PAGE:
Sung word for understanding Martin Luther’s music
Aim. The article is dedicated to the phenomenon of sung word in belles-lettres. It aims at highlighting the poetological features of sung word in literary works with reference to its interpretation by the German reformer and theologian Martin Luther.
Methods. As part of the framework of interdisciplinary study of literary works, key foundations of culturological literary studies have been used. Intermediality method has been chosen to substantiate the functions of sung word in a specific literary work. Theological context of considerations by Martin Luther serves as a potent multidisciplinary background for understanding of the role of sung word in fiction.
Results. Owing to the significance of sung word in Martin Luther’s musical theology, the main poetological qualities of the phenomenon in literary works have been singled out (specific cognitive value, the moment of increased self-identification of the recipient with the message perceived through singing, a pronounced corporality of musical text presented through singing). A literary text which refers to a sung musical text acquires other narrative dimensions and an intensified impact as a result.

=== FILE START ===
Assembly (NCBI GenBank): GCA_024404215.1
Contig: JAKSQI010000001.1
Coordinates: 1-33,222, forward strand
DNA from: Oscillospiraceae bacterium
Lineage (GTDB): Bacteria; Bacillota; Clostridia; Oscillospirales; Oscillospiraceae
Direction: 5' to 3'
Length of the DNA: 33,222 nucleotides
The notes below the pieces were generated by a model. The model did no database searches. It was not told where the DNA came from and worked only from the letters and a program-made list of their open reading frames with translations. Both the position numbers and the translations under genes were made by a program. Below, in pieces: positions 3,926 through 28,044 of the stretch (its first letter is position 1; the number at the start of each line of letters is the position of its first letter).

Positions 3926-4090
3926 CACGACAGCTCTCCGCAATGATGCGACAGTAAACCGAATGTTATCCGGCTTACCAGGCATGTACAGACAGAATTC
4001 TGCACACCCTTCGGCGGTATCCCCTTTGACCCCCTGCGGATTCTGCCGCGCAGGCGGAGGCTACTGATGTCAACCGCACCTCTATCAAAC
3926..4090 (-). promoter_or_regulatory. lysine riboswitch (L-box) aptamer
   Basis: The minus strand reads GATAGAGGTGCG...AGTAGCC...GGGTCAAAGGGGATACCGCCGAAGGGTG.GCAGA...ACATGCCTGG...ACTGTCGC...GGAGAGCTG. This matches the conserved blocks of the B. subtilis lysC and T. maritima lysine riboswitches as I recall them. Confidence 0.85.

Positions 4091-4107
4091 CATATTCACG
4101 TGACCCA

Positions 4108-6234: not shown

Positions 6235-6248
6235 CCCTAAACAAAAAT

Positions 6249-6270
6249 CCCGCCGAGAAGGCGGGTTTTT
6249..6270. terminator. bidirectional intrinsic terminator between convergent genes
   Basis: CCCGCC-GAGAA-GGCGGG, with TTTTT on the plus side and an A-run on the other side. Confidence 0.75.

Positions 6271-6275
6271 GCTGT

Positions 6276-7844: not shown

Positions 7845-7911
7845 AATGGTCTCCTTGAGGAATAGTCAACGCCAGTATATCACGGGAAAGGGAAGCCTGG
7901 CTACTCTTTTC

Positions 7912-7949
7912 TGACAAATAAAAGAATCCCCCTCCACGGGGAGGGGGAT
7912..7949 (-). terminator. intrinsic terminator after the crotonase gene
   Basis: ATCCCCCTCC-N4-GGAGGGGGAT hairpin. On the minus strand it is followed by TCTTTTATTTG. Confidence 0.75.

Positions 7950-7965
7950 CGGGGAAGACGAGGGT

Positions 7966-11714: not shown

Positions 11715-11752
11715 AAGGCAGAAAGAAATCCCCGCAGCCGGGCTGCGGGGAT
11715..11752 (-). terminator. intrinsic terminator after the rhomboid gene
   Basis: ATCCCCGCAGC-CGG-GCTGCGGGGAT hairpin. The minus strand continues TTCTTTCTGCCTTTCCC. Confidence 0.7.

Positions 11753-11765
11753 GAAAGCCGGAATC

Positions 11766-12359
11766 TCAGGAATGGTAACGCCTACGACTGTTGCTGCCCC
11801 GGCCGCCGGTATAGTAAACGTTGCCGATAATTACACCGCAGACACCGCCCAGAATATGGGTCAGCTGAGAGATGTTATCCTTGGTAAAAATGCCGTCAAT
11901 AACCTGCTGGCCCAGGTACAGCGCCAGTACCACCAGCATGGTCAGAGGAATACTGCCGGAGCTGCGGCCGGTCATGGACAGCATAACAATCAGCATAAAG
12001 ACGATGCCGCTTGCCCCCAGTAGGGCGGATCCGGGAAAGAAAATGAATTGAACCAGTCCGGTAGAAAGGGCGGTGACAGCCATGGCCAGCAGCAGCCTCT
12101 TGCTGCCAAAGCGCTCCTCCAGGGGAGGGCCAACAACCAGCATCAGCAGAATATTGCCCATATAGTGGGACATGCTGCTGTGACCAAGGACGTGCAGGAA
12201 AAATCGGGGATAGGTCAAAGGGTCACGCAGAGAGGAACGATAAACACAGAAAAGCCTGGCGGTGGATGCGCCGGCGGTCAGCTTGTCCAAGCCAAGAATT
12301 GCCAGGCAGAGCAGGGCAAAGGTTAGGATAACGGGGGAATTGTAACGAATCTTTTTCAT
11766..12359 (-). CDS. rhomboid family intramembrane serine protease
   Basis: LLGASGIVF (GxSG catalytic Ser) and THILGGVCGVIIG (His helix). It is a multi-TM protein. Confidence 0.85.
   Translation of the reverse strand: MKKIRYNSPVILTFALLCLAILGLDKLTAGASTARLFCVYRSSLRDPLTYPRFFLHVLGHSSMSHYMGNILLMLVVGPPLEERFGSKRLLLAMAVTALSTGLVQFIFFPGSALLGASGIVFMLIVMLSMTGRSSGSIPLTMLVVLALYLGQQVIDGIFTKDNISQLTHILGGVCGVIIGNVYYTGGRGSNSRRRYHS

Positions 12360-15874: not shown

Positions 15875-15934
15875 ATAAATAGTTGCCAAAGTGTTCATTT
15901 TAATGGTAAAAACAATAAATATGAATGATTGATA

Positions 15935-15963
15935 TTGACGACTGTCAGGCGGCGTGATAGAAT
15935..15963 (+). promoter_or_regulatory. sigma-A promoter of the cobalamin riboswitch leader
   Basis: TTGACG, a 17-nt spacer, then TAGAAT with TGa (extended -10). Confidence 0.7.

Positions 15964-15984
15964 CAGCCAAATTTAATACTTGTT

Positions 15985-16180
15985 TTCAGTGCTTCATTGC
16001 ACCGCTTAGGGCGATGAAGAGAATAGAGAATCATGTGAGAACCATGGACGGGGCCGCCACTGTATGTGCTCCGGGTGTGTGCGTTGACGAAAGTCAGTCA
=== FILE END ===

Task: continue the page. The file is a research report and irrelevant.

Scientific novelty. Martin Luther’s musical theology is studied from the standpoint of its theoretical implications for interpretation of the phenomenon of sung word functioning in a literary work. It has been established that for the German reformer singing was a direct way of making religious belief related texts more internal. In his opinion sung word creates a space of understanding in which the text becomes a subject and the person who is comprehending it becomes the object. Only in hearing is a human accomplished, moved by the word, as in singing the word itself becomes the thing it tells about. Moreover, the sung word possesses affective potential.
Pactical significance. The main ideas of the paper may be used for a comprehensive study of both creativity and reformation activities of Martin Luther and the tradition of oral speech and singing use in written literature.